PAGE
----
My heart is beating at a rate of knots and my mouth has gone dry. I knew this would happen as it had been a while since I had taken a muster parade for the squadron. It is 1985 and my (legendary) Royal Marines Sergeant Major has asked me to do this mainly because it is the morning of the regiment’s cross country championships and, as the team captain, he wants me to give a motivational talk to get everyone in the right frame of mind. We always win – so no pressure! To prepare myself, I have followed the 7 x P’s which have been drummed into me since I joined the army as a 16-year-old.

I wish I knew then what I know now about presentations.

The 7 x Ps is the first tip in my top twenty I acquired over 35 years from the best speakers I have had the good fortune to listen to and I hope you find them helpful:


  1. The 7 x Ps: Prior Planning & Preparation – Prevents a Pi** Poor Performance
  2. Know your audience – who are you pitching to – this will help you set the right tone.
  3. Try and only present something that you are passionate about
  4. Spend a little time with your audience before your presentation so they can get to know you. Ask them what their main areas of concern they have, on the subject you are delivering, then really listen hard – so you can ensure these are covered.
  5. Rehearse the first sentence or two so it is word perfect and the rest will flow, I promise you.
  6. Look good feed Good…….
  7. ……but don’t over dress or under dress – again know your audience
  8. Think about what media you are going to use – not just one media.
  9. Have a wow factor – something they will remember the presentation for, long after it is finished.
  10. Structure your presentation – tell them what you are going to talk about (the introduction) – Talk about it – then summarise what you have talked about (the summary).
  11. Turn up early (I turn up at least one hour before) so you can meet the host, familiarise yourself with the venue, make sure the electrics and IT work.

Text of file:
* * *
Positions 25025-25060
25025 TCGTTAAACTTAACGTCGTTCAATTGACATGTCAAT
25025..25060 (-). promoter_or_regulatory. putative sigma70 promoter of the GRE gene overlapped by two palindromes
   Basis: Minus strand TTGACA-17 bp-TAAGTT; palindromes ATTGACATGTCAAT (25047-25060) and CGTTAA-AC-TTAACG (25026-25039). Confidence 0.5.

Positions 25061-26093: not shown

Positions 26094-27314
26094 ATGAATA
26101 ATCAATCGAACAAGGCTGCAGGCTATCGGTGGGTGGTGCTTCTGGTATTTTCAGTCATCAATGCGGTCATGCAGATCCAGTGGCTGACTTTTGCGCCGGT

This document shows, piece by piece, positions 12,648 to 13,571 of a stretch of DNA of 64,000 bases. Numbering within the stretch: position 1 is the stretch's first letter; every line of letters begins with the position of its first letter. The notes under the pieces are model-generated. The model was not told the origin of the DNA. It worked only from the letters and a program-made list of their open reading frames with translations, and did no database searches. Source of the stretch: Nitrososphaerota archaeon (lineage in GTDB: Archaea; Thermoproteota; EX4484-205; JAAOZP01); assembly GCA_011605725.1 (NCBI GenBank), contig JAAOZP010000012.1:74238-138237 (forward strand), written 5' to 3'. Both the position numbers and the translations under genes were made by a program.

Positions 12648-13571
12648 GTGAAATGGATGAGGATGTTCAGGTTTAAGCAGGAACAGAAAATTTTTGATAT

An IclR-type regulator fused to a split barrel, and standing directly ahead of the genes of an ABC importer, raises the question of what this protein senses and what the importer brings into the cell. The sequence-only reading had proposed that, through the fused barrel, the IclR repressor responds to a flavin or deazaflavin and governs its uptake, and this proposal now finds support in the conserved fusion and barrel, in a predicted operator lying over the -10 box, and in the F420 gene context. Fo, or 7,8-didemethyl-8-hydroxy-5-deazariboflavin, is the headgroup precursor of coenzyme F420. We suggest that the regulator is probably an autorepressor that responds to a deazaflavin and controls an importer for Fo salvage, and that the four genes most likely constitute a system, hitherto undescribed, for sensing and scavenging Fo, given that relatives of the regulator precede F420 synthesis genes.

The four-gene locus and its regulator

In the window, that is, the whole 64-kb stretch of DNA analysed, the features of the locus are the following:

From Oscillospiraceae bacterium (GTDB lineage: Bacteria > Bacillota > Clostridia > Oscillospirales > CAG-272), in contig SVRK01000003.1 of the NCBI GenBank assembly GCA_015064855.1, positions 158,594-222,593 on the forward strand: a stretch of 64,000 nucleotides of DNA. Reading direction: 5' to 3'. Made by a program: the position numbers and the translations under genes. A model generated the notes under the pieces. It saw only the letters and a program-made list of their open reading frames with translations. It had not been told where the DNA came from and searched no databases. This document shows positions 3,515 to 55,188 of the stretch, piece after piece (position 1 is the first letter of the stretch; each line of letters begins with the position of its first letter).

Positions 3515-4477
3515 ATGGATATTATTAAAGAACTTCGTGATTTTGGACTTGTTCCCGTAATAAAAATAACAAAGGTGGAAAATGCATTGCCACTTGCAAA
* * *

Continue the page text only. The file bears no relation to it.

12. Have handouts – something to take away with them (e.g. factsheets on your subject)
  13. Prepare ground rules for the presentation/workshop and tell your audience what they are. As ‘Teams’ can be mute when you are not speaking, put your hand up on the screen (press the button) when you need to ask a question.
  14. Facilities check: if you are face to face then start with fire safety (are there any fire checks today?) where the facilities are.
  15. Share your programme so they know what’s coming and when there will be comfort breaks.
  16. Introductions and, if it is a whole day, do an ice breaker of sorts. If you are on Teams remember to press the participants list so you can work through one at a time, especially if you don’t know them.
  17. Again, with Teams – are you confident with sharing your presentation and other documents? If not practice with a friend
  18. Don’t tell jokes – just be yourself – smile a lot – but don’t fidget when you are talking. (for some reason I rub the top of my head when someone asks me a question)
  19. Check in with your audience that they are getting your message
  20. Thank people for taking the time to listen to you – recognising how busy they are.

Remember: always assume your audience is pleased to see you and hear what you have to say!

I have previously shared this excellent video with colleagues in Thera Group

How To Look Good on Video Calls for Zoom FaceTime:

(it’s is the little things that can give you the edge either during a presentation or an interview)

And finally, here is something my colleague Lesley Downham put together for an e-newsletter I put together during Covid19:

‘How to look good on ‘Teams’

I got through the parade in one piece, delivered my talk successfully  and we won the race! With hindsight, knowing the tips in this post would have made my life a whole lot easier! I made a vow that morning not to leave it so long before I delivered another presentation, because practice does make perfect.

Note: My blog post subjects are often chosen for me by the people I mentor. I was recently asked by two people for my ideas on the best way to deliver a presentation which may be via Teams or Zoom, or face to face, and this piece is the result.


Source Steve Raw